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GLAAD hits back after Twitter rolls back LGBTQ hate speech policy

GLAAD's CEO has said the policy change is "the latest example of just how unsafe the company is."

By Emily Maskell

Twitter removes LGBTQ protections. (Image: WikiCommons)

Twitter has quietly removed a transgender-specific protection from its Hateful Conduct Policy.

It’s the latest worrying development on the platform following Elon Musk’s takeover last year. 

Now, Twitter will no longer provide protections for transgender users who are deadnamed or misgendered.

Prior to the rollback, Twitter’s Hateful Content Policy had been in place since 2018.

It originally stated: “We prohibit targeting others with repeated slurs, tropes or other content that intends to dehumanize, degrade or reinforce negative or harmful stereotypes about a protected category. This includes targeted misgendering or deadnaming of transgender individuals.” 

The last sentence in the policy disappeared on 8 April, according to the LGBTQ media advocacy organisation, GLAAD.

“Anti-transgender rhetoric online is leading to real world discrimination and violence.”

The previous version is here and the current version is here.

Additionally, on Monday (17 April), AP News reported Twitter will add “warning labels” on tweets violating hateful conduct rules. Previously, the tweets were removed.

In a statement on Tuesday (18 April), GLAAD CEO Sarah Kate Ellis called the move “the latest example of just how unsafe the company is for users and advertisers alike.”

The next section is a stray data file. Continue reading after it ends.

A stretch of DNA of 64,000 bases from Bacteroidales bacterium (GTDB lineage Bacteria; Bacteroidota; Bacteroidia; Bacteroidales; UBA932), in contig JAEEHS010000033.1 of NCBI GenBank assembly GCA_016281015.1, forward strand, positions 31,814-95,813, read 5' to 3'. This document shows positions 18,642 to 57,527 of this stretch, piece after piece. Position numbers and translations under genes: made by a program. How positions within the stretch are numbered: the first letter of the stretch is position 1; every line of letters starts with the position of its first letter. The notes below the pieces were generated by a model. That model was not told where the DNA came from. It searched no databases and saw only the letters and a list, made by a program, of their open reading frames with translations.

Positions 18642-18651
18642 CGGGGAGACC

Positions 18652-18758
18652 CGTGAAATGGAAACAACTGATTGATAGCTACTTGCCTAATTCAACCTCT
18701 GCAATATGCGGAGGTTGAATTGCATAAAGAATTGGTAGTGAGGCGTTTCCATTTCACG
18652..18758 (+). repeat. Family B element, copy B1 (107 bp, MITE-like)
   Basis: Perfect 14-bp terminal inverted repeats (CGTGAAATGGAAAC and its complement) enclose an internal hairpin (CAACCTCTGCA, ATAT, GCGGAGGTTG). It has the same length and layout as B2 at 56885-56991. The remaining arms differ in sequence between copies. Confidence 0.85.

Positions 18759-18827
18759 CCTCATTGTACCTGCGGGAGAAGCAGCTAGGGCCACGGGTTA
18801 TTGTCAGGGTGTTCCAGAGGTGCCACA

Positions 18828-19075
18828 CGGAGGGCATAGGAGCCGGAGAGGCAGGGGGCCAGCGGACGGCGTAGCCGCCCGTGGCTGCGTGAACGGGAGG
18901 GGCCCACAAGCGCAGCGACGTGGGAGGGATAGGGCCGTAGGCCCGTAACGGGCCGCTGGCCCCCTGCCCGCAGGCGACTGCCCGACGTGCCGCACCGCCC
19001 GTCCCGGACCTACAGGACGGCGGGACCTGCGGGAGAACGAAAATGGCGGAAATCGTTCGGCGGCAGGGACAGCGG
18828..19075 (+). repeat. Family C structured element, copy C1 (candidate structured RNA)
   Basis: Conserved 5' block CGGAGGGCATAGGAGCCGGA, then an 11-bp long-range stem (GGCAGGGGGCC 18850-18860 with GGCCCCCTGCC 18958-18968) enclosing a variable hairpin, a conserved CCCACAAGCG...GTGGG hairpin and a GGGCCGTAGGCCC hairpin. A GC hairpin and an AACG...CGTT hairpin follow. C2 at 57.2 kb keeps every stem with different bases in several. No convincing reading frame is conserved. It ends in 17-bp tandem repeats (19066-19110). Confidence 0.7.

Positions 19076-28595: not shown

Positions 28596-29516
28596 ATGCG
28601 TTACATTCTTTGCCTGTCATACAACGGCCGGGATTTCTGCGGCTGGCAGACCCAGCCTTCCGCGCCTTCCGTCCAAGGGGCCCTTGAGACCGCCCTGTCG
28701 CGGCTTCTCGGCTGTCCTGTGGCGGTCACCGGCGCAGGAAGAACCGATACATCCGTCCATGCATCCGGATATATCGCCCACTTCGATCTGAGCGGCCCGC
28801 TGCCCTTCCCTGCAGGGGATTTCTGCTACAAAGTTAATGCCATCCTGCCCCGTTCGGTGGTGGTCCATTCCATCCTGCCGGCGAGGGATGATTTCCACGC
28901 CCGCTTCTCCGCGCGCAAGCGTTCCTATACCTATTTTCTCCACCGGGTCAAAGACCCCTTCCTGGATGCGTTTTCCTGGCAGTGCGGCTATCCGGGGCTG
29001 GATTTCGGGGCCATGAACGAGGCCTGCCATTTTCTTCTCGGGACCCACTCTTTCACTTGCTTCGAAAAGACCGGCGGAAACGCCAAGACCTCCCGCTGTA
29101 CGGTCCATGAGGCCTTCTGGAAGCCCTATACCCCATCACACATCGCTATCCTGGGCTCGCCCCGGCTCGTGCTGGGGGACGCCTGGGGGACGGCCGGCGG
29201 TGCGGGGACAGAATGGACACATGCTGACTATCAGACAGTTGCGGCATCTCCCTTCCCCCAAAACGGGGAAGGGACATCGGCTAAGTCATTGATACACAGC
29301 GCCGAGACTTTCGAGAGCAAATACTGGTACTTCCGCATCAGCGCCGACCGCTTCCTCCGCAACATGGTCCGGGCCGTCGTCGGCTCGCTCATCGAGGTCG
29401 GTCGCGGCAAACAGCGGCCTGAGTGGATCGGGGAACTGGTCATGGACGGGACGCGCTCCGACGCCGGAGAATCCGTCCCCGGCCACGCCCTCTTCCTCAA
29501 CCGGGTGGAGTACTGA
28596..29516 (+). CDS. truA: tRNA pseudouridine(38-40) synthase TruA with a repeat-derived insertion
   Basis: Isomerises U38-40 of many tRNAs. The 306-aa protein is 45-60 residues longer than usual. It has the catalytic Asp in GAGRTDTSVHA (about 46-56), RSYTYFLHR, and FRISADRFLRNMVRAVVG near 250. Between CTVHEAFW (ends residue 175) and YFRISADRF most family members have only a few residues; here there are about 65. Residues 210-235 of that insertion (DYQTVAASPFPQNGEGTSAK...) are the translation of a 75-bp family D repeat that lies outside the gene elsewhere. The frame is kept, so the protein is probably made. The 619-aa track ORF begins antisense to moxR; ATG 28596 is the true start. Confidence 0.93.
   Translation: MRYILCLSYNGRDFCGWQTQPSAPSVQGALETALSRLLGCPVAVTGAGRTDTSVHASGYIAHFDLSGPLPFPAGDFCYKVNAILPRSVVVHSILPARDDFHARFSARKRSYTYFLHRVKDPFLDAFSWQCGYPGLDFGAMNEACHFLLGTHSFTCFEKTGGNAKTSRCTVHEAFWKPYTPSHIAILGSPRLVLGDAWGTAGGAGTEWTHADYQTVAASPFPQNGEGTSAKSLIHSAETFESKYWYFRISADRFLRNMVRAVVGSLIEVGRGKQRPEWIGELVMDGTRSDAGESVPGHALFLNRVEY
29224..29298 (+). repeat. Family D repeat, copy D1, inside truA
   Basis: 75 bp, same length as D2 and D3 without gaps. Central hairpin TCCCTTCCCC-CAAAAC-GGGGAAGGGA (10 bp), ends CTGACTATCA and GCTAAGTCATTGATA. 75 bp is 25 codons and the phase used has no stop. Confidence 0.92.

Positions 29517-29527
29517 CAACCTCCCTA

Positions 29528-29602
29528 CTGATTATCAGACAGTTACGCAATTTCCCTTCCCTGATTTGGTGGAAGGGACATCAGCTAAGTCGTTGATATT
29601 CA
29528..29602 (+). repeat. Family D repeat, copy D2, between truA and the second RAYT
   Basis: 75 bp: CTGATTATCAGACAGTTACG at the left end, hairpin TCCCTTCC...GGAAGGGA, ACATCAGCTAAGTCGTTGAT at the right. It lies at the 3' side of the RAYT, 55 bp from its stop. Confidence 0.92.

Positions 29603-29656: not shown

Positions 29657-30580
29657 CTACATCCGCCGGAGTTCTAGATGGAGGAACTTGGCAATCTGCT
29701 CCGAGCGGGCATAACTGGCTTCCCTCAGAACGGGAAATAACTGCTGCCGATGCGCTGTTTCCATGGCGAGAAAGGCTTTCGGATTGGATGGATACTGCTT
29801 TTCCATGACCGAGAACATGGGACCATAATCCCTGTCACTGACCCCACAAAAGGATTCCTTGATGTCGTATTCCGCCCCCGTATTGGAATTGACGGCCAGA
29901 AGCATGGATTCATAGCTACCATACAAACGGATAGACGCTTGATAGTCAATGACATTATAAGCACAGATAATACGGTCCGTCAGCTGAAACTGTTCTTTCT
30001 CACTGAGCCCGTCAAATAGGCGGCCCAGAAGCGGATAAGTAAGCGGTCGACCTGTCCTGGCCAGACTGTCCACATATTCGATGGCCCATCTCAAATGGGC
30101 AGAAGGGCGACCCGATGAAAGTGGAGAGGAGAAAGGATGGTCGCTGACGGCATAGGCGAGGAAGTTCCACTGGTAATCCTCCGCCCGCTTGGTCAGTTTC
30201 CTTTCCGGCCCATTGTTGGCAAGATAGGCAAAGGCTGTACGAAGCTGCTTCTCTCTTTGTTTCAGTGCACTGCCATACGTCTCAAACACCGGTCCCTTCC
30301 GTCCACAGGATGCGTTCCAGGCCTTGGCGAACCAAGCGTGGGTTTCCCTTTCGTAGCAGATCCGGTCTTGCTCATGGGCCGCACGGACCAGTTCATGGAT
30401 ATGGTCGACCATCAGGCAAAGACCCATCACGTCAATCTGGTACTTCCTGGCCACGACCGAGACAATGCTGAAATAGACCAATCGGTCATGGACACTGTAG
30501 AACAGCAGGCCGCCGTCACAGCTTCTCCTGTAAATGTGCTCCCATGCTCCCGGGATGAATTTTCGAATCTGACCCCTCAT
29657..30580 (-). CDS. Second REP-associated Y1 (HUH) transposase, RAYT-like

They added rolling back LGBTQ safety “pulls Twitter even more out of step with TikTok, Pinterest, and Meta.”

Ellis noted these other platforms “maintain similar policies” that protect transgender users who use these sites.

Furthermore, Ellis said it’s particularly insidious during a time when “anti-transgender rhetoric online is leading to real world discrimination and violence.”

“The practice of targeted misgendering and deadnaming has been identified by the ADL and other civil society groups as a form of hate speech,” Ellis added.

“Social media companies committed to maintaining safe environments for LGBTQ people should be working to improve hate speech policies, not deleting long-standing ones.”

After acquiring Twitter in 2022, Musk has been open about his “free speech” goals.

Shortly after taking over, Bloomberg reported Musk had asked employees “to review Twitter’s hateful conduct policy.’”

He then disbanded Twitter’s Trust and Safety Council, an advisory group on hate speech and harmful content on the platform.